Anderson Mayor Thomas Broderick Jr., who won a tight race last month to be reelected to a third term, remembers being a youngster and catching discount movies at the Paramount.
By that time, the architectural marvel that once was a tour stop for Louis Armstrong, Roy Rogers, Cab Calloway and other celebrities revealed plenty of “wear and tear,” Broderick said. A leaky roof attacked the illusion of Paramount’s interior sky filled with twinkling stars.
The building that carried an $800,000 price tag in 1929 seemed to be a goner at age 70. Madison County took possession of the Paramount because an owner in the 1980s owed $79,000 in back taxes.
Broderick credits a group of Anderson residents who formed the not-for-profit Paramount Heritage Foundation Inc. with rescuing the theater from demise. The county sold the building to the foundation for just $1 in 1989.
“Think back to the folks who had the insight and vision to save it rather than let it go by the way of the wrecking ball,” Broderick said. “You can’t say enough about them and all of the folks who have stepped up to keep it where it is today. I firmly believe it will be here for easily another 100-plus years, because I don’t think anybody will ever let it go away.”
Jim Abraham, one of the early leaders of the Paramount Heritage Foundation, oversaw a $3 million renovation of the Paramount in the 1990s. Abraham left Anderson after the theater reopened, but he’s returned and again holds the title of restoration manager.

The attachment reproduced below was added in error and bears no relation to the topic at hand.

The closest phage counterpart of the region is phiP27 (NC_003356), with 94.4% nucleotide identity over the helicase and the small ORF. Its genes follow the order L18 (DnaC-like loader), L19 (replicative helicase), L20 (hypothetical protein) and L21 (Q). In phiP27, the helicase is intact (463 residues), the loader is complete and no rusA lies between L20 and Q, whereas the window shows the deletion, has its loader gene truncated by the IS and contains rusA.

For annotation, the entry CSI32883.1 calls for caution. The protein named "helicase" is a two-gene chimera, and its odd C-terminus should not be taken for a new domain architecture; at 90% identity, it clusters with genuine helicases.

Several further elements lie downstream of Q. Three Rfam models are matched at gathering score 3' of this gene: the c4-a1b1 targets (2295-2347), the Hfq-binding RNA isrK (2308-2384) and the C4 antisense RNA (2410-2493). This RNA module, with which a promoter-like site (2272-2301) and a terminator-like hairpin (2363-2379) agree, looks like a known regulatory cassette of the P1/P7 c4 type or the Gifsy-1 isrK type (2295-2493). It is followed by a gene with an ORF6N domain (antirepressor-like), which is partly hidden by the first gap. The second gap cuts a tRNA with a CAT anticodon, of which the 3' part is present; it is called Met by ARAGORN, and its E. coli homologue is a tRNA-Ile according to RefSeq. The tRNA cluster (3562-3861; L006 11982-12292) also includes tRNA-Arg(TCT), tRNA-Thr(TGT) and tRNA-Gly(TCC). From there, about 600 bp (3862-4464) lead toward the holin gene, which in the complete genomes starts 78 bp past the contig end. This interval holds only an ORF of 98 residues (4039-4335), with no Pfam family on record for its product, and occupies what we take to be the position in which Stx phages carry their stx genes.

In 2018, a not-for-profit founded by Jay and Nancy Ricker—former owners of Ricker Oil—donated $500,000 to pay off what remained on the building’s mortgage.
Brittany Miller, eastern regional director for Indiana Landmarks, said she sees the sustained commitment of the Paramount Heritage Foundation.
“The Paramount is something Anderson can be proud of, and I think the group wants to keep that going,” Miller said. “They didn’t want the restoration to be a partial job or an instance of, ‘Oh, this is nice, but it could be better,’ or, ‘We saved the outside, but we didn’t do anything with the inside.’”
Broderick said Anderson’s present challenges include a shortage of attractive housing and an aging water infrastructure.
“For a lot of communities our size, the growth kind of went toward the interstates,” Broderick said. “We’ve been trying to revitalize the downtown for a while now, and we’re getting some traction. Having the Paramount as an anchor really helps, because when they light up that marquee, nothing looks neater than that.”
Jorn, the Paramount’s executive director who previously managed the RiverPark Center entertainment venue in Owensboro, Kentucky, said efforts to improve the Paramount are ongoing.
A new floor was installed on the theater’s stage in recent years, and handrails are slated to be added to the balcony to assist attendees as they navigate stairs.
The Paramount Heritage Foundation also owns a former office building behind the theater, which Jorn would like to renovate with backstage amenities that connect to the Paramount.
The theater’s design placed dressing rooms below the stage, and showers weren’t part of the plan. For productions that require a performer to exit one side of the stage and enter on the other, the only path is below the stage.
“It’s now up to us to raise the money to turn the [backstage building] into adequate dressing room space that will have showers and all the up-to-date amenities that bands would want,” Jorn said. “People want to play here because it’s the Paramount. But it’s not the most comfortable.”
Honeywell Arts & Entertainment, a not-for-profit in Wabash that owns seven venues, operates as an independent concert promoter that rarely competes with industry giants Live Nation and AEG Presents, Minnich said.
By partnering with venues such as the Paramount, Honeywell has the ability to offer booking agents multiple cities where a tour can visit. In February, the Little River Band is set to play Honeywell-promoted dates at the Honeywell Center in Wabash and Morris venue in South Bend.